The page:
The Full Court decision on sufficiency in Tramanco v BPW Transpec (reported here) has now been applied to claims for methods of medical treatment in Apotex Pty Ltd v Warner-Lambert Company LLC (No 2) [2016] FCA 1238.

The claims were directed to a method for treating pain comprising administering a therapeutically effective amount of a defined compound to a mammal in need of said treatment. The Patent described tests performed on rats to demonstrate the comparative efficacy of various compounds in treating pain.

On the question of sufficiency, the patentee argued that the test to be applied was as set out in Kimberly-Clark v Arico namely whether there is disclosure enabling the addressee of the specification to produce something within each claim without new inventions or additions or prolonged study. It was said that this test would be satisfied if the patent contained sufficient information to enable the skilled addressee to perform the invention in relation to rats, being mammals and therefore within the scope of the claims.

The Court rejected that argument stating “although the claims refer to mammals rather than humans, and the various test results reported in the Patent all relate to experiments on rats, it is clear that the Patent is primarily directed to the treatment of pain in humans… Not for a moment would the skilled addressee understand this Patent as directed to the medical treatment of rats experiencing pain”.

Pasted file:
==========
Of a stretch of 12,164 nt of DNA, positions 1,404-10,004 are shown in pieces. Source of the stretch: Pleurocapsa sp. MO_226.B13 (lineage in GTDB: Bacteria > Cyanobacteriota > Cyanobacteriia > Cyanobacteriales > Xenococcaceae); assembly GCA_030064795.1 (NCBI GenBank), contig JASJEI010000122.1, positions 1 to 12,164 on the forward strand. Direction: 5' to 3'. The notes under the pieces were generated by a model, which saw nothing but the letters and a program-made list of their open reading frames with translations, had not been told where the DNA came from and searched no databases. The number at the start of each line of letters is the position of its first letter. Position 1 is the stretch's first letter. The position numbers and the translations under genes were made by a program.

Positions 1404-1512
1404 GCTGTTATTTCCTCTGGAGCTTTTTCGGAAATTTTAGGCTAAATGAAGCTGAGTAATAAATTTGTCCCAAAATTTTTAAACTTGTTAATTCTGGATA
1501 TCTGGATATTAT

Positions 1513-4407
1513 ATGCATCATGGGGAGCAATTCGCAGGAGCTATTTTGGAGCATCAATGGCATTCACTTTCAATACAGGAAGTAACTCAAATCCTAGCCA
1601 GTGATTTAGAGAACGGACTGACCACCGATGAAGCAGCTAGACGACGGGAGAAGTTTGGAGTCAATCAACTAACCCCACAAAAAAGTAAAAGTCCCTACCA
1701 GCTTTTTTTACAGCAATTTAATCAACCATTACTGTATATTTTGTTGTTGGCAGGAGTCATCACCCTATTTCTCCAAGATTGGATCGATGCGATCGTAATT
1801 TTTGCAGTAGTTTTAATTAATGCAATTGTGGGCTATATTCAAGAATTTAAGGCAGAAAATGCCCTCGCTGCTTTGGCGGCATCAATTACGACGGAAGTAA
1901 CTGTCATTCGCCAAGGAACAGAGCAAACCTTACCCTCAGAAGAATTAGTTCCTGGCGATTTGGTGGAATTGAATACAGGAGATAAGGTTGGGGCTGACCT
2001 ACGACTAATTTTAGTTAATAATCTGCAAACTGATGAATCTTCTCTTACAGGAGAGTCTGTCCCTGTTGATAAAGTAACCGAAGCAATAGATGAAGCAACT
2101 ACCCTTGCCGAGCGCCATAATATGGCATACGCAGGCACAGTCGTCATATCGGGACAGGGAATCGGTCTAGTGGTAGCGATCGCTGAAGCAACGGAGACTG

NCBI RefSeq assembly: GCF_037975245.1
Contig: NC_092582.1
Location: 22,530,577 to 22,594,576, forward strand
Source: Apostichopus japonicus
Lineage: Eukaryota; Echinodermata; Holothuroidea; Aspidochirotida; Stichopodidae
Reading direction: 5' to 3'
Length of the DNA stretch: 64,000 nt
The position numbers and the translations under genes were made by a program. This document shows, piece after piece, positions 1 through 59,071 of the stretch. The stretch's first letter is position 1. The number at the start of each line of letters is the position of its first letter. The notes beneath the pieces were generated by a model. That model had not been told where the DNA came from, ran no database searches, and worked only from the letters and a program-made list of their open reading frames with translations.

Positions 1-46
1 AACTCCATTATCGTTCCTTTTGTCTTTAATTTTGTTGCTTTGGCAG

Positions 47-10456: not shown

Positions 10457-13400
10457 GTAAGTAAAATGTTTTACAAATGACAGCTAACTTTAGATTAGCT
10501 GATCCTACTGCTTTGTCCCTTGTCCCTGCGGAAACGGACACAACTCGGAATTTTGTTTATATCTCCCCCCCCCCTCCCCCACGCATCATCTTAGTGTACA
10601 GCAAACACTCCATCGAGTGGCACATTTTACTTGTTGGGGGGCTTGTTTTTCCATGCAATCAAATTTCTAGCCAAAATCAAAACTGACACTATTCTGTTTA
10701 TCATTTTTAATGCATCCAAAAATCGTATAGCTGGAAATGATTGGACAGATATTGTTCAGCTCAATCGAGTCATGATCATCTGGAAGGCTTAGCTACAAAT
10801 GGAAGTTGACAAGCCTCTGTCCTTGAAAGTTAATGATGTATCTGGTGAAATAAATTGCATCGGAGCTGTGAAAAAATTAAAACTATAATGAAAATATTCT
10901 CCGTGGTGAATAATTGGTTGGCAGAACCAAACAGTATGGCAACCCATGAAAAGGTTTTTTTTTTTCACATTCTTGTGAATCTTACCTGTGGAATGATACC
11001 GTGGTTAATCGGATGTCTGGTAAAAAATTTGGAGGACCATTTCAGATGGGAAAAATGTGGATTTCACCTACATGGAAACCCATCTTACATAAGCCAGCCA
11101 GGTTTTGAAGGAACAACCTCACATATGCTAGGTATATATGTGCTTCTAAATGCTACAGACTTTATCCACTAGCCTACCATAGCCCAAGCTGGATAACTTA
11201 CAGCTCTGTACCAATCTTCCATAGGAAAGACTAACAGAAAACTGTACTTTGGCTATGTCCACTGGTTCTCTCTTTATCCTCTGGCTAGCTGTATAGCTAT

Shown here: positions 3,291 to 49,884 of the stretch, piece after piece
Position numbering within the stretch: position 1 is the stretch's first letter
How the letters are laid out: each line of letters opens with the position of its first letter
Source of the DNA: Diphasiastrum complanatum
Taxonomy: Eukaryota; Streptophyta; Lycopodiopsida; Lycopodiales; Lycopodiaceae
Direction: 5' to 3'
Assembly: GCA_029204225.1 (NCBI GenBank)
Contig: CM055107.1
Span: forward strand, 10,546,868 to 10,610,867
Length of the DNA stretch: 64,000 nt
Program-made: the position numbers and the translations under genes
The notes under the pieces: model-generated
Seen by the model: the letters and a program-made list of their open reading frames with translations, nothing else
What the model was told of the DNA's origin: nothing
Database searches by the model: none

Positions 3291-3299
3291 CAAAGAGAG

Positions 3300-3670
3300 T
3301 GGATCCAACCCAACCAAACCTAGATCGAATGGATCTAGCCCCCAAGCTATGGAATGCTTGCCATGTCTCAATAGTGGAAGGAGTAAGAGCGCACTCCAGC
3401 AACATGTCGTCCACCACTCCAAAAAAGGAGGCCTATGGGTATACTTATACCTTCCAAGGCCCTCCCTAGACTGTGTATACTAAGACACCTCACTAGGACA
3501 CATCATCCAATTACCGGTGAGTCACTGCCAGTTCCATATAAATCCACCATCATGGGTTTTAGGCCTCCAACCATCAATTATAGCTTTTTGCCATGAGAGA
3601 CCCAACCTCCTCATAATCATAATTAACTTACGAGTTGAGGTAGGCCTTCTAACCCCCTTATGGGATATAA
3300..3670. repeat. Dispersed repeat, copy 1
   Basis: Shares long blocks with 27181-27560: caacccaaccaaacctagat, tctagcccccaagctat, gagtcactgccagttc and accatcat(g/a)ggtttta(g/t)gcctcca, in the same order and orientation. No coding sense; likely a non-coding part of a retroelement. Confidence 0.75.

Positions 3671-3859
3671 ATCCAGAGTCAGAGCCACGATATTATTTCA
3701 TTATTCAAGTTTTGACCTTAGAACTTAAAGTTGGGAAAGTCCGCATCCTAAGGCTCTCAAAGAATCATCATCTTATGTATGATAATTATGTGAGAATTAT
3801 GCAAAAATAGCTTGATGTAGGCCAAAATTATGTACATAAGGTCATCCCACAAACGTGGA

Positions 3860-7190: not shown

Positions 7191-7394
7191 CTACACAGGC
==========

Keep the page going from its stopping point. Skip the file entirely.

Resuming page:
Referring to the decision in Tramanco, the Court held that “the test of insufficiency propounded by the High Court in Kimberly-Clark based upon a test originally formulated outside the context of methods of treatment claims cannot be sensibly applied to a case such as this. In my respectful opinion, it would be a nonsense to say that the invention was sufficiently described if it enabled the skilled addressee to perform the method of the invention on rats (or other mammals) but did not enable it to be performed on humans”.

Ultimately, the claims were found to be sufficiently enabled because on the evidence the specification provided enough information for a skilled addressee to perform the claimed invention in relation to humans without new inventions or additions or prolonged study.

This decision appears to continue the recent approach of the Court to look to the “substance” of an invention which may not be entirely coincident with the invention as claimed.